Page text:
The sense of being glared at -- what is it like to be a heretic?

Journal of Consciousness Studies 12 (6):4-9 (2005)
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In September 1981 the prestigious scientific journal Nature carried an unsigned editorial (subsequently acknowledged to be by the journal's senior editor, John Maddox) titled 'A book for burning?' (Maddox, 1981). It reviewed and damned Rupert Sheldrake's then recently published book A New Science of Life: The Hypothesis of Causative Formation (Sheldrake, 1981) and raised a storm of controversy whose fall-out is still very much with us. Up to this time Sheldrake was a well-respected up-and-coming plant physiologist and the recipient of academic honours including a fellowship at his Cambridge college. The furore that grew out of the assault in Nature put an end to his academic career and made him persona non grata in the scientific community. Over twenty years later this journal still runs the risk of ostracism by publishing his work. What can explain this deep and lasting antagonism?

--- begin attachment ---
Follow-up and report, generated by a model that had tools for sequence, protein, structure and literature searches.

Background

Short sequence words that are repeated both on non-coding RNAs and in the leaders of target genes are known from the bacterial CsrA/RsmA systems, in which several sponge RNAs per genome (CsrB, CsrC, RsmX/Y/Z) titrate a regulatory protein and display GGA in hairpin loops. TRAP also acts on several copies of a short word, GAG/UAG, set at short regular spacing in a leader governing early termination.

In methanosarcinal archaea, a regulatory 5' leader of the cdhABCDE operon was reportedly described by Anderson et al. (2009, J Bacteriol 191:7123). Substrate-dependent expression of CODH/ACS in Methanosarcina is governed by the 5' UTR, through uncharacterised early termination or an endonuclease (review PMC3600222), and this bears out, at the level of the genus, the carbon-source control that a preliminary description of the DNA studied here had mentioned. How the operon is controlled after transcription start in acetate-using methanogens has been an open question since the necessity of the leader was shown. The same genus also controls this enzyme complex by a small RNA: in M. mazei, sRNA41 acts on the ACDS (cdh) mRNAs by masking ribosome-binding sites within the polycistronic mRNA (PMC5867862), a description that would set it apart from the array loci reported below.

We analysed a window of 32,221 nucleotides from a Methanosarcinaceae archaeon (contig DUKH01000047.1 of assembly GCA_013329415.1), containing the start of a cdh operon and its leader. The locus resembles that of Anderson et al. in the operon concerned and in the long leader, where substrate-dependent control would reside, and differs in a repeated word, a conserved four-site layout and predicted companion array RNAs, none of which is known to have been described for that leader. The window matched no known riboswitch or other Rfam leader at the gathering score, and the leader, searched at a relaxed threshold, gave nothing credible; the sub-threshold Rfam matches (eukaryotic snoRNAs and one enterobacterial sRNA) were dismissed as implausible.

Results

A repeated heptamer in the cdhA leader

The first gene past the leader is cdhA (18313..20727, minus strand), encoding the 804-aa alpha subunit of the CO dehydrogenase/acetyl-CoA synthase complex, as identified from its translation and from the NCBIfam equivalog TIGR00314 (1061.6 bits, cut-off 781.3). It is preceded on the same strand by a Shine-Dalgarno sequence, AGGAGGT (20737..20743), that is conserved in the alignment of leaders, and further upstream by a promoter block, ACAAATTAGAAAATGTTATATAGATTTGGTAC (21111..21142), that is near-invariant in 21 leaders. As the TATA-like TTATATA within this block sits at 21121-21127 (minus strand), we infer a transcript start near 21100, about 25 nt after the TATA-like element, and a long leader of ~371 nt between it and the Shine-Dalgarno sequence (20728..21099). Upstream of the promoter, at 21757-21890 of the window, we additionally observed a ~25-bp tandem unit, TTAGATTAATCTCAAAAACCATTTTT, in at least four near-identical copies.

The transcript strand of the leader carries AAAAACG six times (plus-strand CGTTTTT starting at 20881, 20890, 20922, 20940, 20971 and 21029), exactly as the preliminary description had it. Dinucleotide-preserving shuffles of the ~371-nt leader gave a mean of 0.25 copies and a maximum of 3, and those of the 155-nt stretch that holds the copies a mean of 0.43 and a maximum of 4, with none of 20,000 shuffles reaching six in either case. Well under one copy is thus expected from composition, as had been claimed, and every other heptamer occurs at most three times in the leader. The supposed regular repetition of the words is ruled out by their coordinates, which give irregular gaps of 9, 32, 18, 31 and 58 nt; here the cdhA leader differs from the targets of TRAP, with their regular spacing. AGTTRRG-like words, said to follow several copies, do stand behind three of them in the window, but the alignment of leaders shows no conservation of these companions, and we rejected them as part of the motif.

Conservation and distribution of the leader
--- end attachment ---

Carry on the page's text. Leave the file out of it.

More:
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Mind: A Brief Introduction.John R. Searle - 2004 - New York: Oxford University Press.
A Long Time Coming: A Personal Reflection.Anthony Freeman - 2003 - Journal of Consciousness Studies 10 (6-7):6-7.

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